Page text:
Apple’s on-again, off-again flirtation with building its own money-transfer service appears to be back on.
The company has recently held discussions with payments industry partners about introducing its own Venmo competitor, according to multiple sources familiar with the talks. The service would allow iPhone owners to send money digitally to other iPhone owners, these people said.
One source familiar with the plans told Recode they expect the company to announce the new service later this year. Another cautioned that an announcement and launch date may not yet be set.
Apple previously held talks with banks about such a service back in 2015 but did not end up launching anything.
If it happens this time, the new Apple product would compete with offerings from big U.S. banks as well as PayPal, its millennial-popular subsidiary Venmo, as well as Square Cash in the increasingly competitive world of digital money-transfers. Chase’s QuickPay service processed $28 billion in transfers last year, while Venmo registered $17.6 billion in volume and is still doubling year over year.
These services have typically been money losers for the new entrants in the space, but are seen as the gateway to the next generation of payment and personal finance services that could upend traditional consumer banking relationships. They are used for everything from splitting dinner bills to paying rent.
Apple has also recently held discussions with Visa about creating its own pre-paid cards that would run on the Visa debit network and which would be tied to the new peer-to-peer service, sources told Recode. People would be able to use the Apple cards to spend money sent to them through the new service, without having to wait for it to clear to their bank account.
Users could then add the debit card, which may only come in a digital form, to their Apple Pay digital wallet to use for tap-and-pay purchases at brick-and-mortar stores. The card number could also be used to make purchases on websites and in apps.
Apple and Visa spokespeople declined to comment.
Apple is looking for new ways to boost usage of Apple Pay, and the debit card could be one way to do that. Several sources inside big U.S. banks told Recode that Apple Pay usage has been lighter than expected since it launched two and a half years ago.
Long-time Apple analyst Gene Munster recently told the Wall Street Journal that he estimates Apple saw $36 billion in 2016 Apple Pay transactions, well below his original prediction of $207 billion. The service has an uphill battle in physical stores because it is not accepted everywhere and is not widely viewed as a significant upgrade over physical cards.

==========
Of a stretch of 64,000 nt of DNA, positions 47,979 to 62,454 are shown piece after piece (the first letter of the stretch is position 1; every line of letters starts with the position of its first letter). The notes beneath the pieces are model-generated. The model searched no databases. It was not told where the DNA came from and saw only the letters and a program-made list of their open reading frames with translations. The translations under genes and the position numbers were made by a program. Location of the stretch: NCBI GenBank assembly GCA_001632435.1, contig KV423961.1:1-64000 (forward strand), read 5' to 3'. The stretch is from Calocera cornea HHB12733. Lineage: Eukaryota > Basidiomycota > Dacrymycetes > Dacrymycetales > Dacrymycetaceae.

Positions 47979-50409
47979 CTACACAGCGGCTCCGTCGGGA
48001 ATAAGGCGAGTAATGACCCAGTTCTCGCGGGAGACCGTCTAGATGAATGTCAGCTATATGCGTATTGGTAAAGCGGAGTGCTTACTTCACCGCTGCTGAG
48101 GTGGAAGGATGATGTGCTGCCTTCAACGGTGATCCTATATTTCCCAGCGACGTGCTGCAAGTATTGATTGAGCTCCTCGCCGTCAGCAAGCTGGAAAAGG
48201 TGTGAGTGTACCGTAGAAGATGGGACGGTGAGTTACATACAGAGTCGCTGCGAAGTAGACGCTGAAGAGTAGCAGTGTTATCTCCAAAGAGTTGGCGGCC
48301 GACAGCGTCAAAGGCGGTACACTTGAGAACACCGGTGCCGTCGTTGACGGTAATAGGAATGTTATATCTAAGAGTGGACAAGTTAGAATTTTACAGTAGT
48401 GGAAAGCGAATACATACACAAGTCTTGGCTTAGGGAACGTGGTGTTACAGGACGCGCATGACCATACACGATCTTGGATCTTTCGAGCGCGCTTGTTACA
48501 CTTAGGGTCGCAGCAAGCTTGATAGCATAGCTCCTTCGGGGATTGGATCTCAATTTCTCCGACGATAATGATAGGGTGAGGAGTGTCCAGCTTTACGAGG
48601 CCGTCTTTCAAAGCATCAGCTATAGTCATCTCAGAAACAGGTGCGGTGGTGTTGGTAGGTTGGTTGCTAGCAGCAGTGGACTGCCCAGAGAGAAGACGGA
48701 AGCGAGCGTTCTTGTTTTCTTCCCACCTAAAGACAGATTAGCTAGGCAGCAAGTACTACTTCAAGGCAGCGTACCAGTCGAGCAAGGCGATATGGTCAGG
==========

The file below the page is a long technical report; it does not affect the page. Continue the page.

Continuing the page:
Industry insiders are much more excited about the service’s future inside of websites and apps. That’s because it eliminates the need to enter in information like card numbers and shipping addresses that can be a cumbersome task on the small screens of mobile phones.
Apple charges banks 0.15 percent of each Apple Pay credit card transaction in the U.S., and a tiny sliver of debit card purchases. But Apple would likely not charge consumers to use the money-transfer service, meaning it might only be able to make money if they also use the Apple debit card tied to it.
The potential of Apple getting its own debit card, however, is not sitting well with some bank executives, sources told Recode. Some plan to raise their concerns with Visa next week during an annual summit that the credit card company is hosting for its bank partners.
“Banks spent heavily in insuring their cards were top of wallet when they all built and rolled out Apple Pay,” said Cherian Abraham, a digital payments executive at Experian. “So it’s justifiable to be concerned that Apple will have its own card and could potentially be top of wallet. If you are top of wallet, you are top of mind.”
It’s unclear whether pushback from the banks could pressure Visa into not working with Apple on the initiative, or what that might mean.
There is a chance that banks’ fears may be overblown, however. Apple would likely have to provide incentives or rewards to get people to switch to its pre-paid card over their existing credit or debit cards. But it’s not clear whether Apple is willing to fund such a rewards programs itself, and it seems unlikely that banks or merchants would do it for them.
One potential target audience for a pre-paid Apple debit card could be teens or college -aged young adults who don’t have a bank account or credit card, but want an easy way to use the money their friends or parents send them through the service. Square’s Square Cash service offers a similar virtual debit card, and CEO Jack Dorsey talked about this very use case at a recent Recode Code Commerce event.
This article originally appeared on Recode.net.